We can do with the following as our Bill of Materials (BOM):


Building Block



Semi-rugged Tough book

Panasonic -T8

Provide a low weight, semi-rugged laptop to be mounted in a truck and plane.


Cradle point + 3G USB modem

Provide on the road & in the air connectivity for communication



Provide Location awareness

Remote Manageability

Intel – (Intel® vPro™ Technology)

Provide both in band & out of band access to fix the laptop regardless of location.


Xacti camera

Video’s + Stills that could be immediately uploaded to the website or shown to customer on the spot




When you take all these pieces and integrate them, you get a really cool solution that enables the company to speed up their transaction time, resulting in more sales. Let’s explore a couple of examples of how this technology is already being utilized.



Example #1:   “New Property Listing”  - While en route to a property, Scott Ruptier (Realtor) told me that, when listing a new property, time to post a property is a big factor in the customer making a decision to list with a company.  With the new setup he is able to drive to a new property without seeing it prior,  map it, take pictures, size the property and list it all while being onsite for the first time.  This includes being able to integrate what he is seeing in the air with the plane, downloading all the content from the cockpit and making a single package for the new customer.  This example alone is making the technology worth the investment.  Another important piece to their ranch realty is troubleshooting when something goes awry out on the job. These listings can be 3-6 hours away from their corporate office, therefore if there is a SW/HW problem it is a “MUST-Have” for some sort of remote manageability / connectivity back to corporate to aide them in troubleshooting and resolving the problem.   During our discussion and my visit we didn’t see a HW/SW failure. (That’s good news)



Example #2:   “Selling the Ranch” -   One of the use cases that I was able to fully test was the sale of a ranch.   The company took me through the entire process, which included driving a “MULE” all-terrain vehicle around a ranch, driving the entire site, including the deer pins (which is where the deer are managed) and then taking it in the air to see the overhead view of the entire ranch.  All of this together enables the realtor to have a full and complete package for the end customers.  They can pull real time cockpit information above to show land marks, size of the ranch and pin-point any key areas to visit .  Then they take it to the mule and explore all of the trails, the infrastructure, that is onsite (wells, water, home, etc..).    This use case is the base of the video.



Onto the Video, here is what I was able to capture over 2 days of exploring, and what I can say is the most innovative use case to date (from my perspective).  





I would like to thank a few key folks that helped me get this started,  Andy Tryba (Intel Marketing), Michele Gartner (Community & Use case guidance), Kelsey Witherow (building the 1st real foil of this use case), Tim C (Panasonic), Cradle point, and of course Ruple properties for being the visionary in making this use case a reality.   I want to thank Joe Ruple for taking me up in their plane and letting me witness firsthand what they do every day in making their job possible.  Thank you Scott Ruptier for giving me a ton of information, mind sharing around this use case and ultimately helping to deploy this solution. Scott was also my tour guide for the visit and took me to some pretty remote locations to see why remote manageability is so important.    The next big question you may be thinking about is ROI, well they don’t have that yet and I think that may be something in the future to explore after all their trucks are enabled and they have a few months of operating in this new model.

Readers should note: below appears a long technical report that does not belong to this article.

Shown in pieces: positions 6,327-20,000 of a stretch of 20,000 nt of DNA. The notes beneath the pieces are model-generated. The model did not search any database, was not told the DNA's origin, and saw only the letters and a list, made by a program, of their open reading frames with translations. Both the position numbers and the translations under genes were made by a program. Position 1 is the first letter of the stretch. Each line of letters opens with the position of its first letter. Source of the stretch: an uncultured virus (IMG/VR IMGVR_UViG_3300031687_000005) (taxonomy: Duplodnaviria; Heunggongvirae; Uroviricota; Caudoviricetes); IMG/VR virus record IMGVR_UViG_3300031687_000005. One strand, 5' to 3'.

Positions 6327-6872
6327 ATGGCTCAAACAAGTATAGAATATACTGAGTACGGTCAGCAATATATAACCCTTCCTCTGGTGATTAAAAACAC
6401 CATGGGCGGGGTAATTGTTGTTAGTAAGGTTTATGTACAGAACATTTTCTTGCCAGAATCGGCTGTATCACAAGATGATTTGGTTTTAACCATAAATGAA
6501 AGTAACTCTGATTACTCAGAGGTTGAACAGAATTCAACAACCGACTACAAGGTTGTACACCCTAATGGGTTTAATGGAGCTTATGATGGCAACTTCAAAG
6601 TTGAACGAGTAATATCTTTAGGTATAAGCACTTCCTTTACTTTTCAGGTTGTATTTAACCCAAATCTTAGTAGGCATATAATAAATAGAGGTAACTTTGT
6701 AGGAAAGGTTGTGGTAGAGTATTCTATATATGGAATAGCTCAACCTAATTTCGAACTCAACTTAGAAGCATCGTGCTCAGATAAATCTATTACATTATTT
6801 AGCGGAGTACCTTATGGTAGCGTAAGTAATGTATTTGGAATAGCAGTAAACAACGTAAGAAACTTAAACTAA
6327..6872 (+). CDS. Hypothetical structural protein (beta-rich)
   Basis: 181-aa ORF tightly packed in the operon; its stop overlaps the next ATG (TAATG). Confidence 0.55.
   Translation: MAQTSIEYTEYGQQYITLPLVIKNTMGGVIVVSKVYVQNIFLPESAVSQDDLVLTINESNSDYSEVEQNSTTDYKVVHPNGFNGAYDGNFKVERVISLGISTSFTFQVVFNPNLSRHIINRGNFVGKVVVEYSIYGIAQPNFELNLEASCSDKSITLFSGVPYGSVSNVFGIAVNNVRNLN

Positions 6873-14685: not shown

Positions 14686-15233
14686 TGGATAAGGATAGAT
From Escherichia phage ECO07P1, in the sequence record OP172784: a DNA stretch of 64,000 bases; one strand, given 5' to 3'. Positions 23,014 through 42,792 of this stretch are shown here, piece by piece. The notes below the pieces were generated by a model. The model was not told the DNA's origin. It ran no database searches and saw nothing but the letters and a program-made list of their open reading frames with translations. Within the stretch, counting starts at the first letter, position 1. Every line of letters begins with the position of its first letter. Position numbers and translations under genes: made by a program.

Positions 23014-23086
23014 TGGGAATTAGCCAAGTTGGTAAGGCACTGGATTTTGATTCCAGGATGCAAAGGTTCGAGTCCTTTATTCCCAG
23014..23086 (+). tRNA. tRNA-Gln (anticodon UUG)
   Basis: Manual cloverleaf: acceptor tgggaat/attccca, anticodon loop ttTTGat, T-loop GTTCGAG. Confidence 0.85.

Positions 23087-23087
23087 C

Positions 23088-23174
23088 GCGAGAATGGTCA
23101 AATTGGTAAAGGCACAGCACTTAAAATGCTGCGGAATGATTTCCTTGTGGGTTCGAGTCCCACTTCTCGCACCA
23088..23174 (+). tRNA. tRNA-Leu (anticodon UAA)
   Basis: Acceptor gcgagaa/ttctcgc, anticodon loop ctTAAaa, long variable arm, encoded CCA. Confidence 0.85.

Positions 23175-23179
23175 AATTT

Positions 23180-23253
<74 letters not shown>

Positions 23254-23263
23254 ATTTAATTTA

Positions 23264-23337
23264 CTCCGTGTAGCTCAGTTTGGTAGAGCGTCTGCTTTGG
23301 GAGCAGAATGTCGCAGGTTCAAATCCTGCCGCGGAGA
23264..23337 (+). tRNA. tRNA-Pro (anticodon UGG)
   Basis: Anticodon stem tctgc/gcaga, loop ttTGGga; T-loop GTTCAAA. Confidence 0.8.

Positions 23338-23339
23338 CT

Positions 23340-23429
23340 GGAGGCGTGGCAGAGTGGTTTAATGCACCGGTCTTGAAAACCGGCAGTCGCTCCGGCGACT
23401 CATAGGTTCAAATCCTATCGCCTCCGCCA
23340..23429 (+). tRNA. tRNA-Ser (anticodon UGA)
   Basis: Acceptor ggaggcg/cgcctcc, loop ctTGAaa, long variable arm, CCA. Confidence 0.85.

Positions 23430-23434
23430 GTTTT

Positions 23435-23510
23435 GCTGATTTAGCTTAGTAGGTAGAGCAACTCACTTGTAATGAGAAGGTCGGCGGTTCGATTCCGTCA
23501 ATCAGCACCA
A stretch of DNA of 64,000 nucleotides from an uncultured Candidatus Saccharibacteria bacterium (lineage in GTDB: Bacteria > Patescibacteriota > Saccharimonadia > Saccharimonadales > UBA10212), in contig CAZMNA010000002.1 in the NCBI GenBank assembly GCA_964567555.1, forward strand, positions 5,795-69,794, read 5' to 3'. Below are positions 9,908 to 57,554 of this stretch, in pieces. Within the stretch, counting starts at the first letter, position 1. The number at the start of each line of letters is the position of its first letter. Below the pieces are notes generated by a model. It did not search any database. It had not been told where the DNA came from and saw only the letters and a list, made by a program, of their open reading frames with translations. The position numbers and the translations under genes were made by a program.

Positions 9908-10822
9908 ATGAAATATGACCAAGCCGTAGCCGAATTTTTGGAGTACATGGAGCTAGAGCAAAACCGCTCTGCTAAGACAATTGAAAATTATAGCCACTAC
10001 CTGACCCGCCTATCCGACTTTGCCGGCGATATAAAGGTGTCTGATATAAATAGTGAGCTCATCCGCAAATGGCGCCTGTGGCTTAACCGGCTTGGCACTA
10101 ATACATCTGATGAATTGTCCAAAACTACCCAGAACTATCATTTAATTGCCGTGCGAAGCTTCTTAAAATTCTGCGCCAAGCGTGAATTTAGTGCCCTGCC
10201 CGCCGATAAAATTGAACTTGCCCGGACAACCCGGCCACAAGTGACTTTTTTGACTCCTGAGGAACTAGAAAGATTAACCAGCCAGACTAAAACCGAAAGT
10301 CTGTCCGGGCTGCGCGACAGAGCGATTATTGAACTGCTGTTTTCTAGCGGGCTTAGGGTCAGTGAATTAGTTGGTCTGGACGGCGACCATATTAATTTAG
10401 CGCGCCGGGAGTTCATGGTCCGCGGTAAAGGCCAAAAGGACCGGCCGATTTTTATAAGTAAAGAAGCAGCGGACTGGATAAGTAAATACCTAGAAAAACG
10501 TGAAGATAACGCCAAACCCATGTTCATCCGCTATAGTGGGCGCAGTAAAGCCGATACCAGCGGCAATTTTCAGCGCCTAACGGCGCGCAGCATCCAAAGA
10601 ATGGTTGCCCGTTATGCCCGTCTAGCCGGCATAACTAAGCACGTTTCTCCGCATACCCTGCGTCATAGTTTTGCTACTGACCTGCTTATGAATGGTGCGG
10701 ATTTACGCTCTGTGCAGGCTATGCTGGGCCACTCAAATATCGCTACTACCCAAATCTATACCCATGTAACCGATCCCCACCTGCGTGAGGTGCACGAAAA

What I would like to do is catch up with them in Q4, see how their full integration is going and report out live from the ranch on how Intel vPro Technology is making their jobs easier and truly changing the game for their business model.   



If you have a use case that really rocks let us know and maybe we can come visit your company as well to “grok” what you have done.   Thank You.



Josh Hilliker

What's your bright idea?


We kicked off a contest this week - the Intel vPro Technology Innovation Contest. Create a 3-minute video demonstrating innovation, using one of the Intel vPro technology capabilities:


  • Virtualization
  • Manageability
  • Security


What's at stake?

The Grand Prize is a 3-day pass to IDF (San Franciso, September 13-15, 2010), plus an American Express* Gift Card valued at $4,000.00 for travel expenses. Winner's innovation will be featured in the Intel vPro Technology Community Booth at IDF.


The Deadline

Submit your video by August 20, 2010 at 11:59 pm PDT.


See the Intel vPro Technology Innovation website for more details.

Earlier this year during Symantec Vision 2010, I led a session entitled "Intel vPro Technology: A Well Managed Client is a Secure Client"



There were three demonstration shared during that session.   The videos were uploaded to Youtube as shown below.  


Demo 1 - Access the NTFS partition of the remote client and remove virus Media



Demo 2 - power-on and install Symantec Endpoint protection



Demo 3 - Use customized network filter with pcAnywhere to remotely remediate a situation



Also at the event, a live recording was done showing two of the demonstrations.   See related blog post at